Illinois income tax increase a missed opportunity for tax reform

Jan 19, 2011

Already under fire for raising taxes on individuals and businesses, the state Legislature missed a major opportunity to update the Illinois tax structure, says a University of Illinois law professor.

Richard L. Kaplan, an expert on taxation and retirement issues, says the state of Illinois has a seriously outmoded tax structure that's in dire need of reform.

"Tax reform is often very difficult because tax changes necessarily alter the burden of taxation, and some people end up paying more," he said. "That makes legislators hesitant to undertake the process of tax reform, whether on the state or federal level. But with the Illinois Legislature finally agreeing to make unpopular tax increases, there was an unusual opportunity to do genuine tax reform that they failed to capitalize on."

Illinois has one of the 10 most regressive tax structures in the nation, Kaplan said.

"That means that the tax burden falls disproportionately on lower-income taxpayers," Kaplan said. "For example, the income tax has a single rate, as mandated by the state's constitution, but the personal exemption amount has not been adjusted for inflation in many years, thereby diminishing its ability to shift the burden of taxation to higher-income persons."

Kaplan, the Peer and Sarah Pedersen Professor of Law at Illinois, notes that there are numerous special provisions in the Illinois tax code that reduces the state's taxable base.

"The popular view is that a flat-rate income tax, like the one we have in Illinois, is devoid of deductions, credits and other complications," he said. "But that is clearly not true. For example, Social Security benefits and pension plan payments are not subject to the state's income tax, regardless of the amount involved. What that means for a retiree in Illinois is, if all of your income is from Social Security, pension plan distributions or a 401k, you don't really care that the individual income tax rate just went up by two-thirds."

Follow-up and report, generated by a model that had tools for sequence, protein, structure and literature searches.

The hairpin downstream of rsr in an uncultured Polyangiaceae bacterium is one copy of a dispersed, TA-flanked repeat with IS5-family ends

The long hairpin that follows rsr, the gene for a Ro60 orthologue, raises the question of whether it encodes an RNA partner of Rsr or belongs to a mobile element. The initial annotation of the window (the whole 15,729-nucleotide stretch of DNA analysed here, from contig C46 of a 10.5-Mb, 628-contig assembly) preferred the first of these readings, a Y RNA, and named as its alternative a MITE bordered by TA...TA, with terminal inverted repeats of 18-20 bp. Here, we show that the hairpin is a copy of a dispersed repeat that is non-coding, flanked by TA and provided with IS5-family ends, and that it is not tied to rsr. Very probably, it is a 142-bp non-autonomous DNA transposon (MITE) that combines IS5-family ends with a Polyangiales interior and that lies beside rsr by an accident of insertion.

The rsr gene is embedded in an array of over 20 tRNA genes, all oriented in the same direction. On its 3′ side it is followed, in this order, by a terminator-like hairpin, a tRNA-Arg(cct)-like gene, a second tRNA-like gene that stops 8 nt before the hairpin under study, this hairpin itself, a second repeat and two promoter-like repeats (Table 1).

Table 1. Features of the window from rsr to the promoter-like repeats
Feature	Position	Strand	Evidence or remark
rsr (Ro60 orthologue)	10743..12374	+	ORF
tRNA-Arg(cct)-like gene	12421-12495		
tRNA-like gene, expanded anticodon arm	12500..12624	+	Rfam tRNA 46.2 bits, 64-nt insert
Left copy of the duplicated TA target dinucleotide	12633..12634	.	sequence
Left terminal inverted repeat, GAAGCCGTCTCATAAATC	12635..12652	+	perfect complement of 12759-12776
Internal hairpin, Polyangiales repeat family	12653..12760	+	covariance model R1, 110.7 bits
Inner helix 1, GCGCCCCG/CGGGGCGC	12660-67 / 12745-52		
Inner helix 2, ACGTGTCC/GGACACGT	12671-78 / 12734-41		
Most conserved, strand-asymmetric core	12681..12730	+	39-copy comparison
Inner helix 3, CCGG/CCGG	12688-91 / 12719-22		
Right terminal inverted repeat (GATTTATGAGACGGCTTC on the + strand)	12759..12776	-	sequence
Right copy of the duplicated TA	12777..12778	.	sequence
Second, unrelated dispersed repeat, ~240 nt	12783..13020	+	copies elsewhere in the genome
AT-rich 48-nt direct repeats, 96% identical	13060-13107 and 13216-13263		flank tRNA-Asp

But it's not just seniors who benefit from special provisions, Kaplan says. Veterans, parents with children in school, property owners and many others are able to reduce their income tax burden.

"Some of these provisions, like the one for property taxes, are fairly common among states with an income tax, but they complicate the filing process nevertheless," he said.

The state's sales tax also needs attention from lawmakers.

"It's a dinosaur," Kaplan said. "It completely ignores the profusion of services that now dominate our economy, and largely misses the online world as well. The state sales tax has become a penalty for shopping in physical stores."

Should it ever gain legislative momentum, comprehensive tax reform should not be considered during a last-minute lame-duck session, Kaplan says.

"Even though the state's financial condition was well-known throughout the months-long regular session of the Legislature, taxes were not seriously considered until after the election," he said. "Moving such a contentious issue into an unaccountable lame-duck session may seem like smart politics to some.

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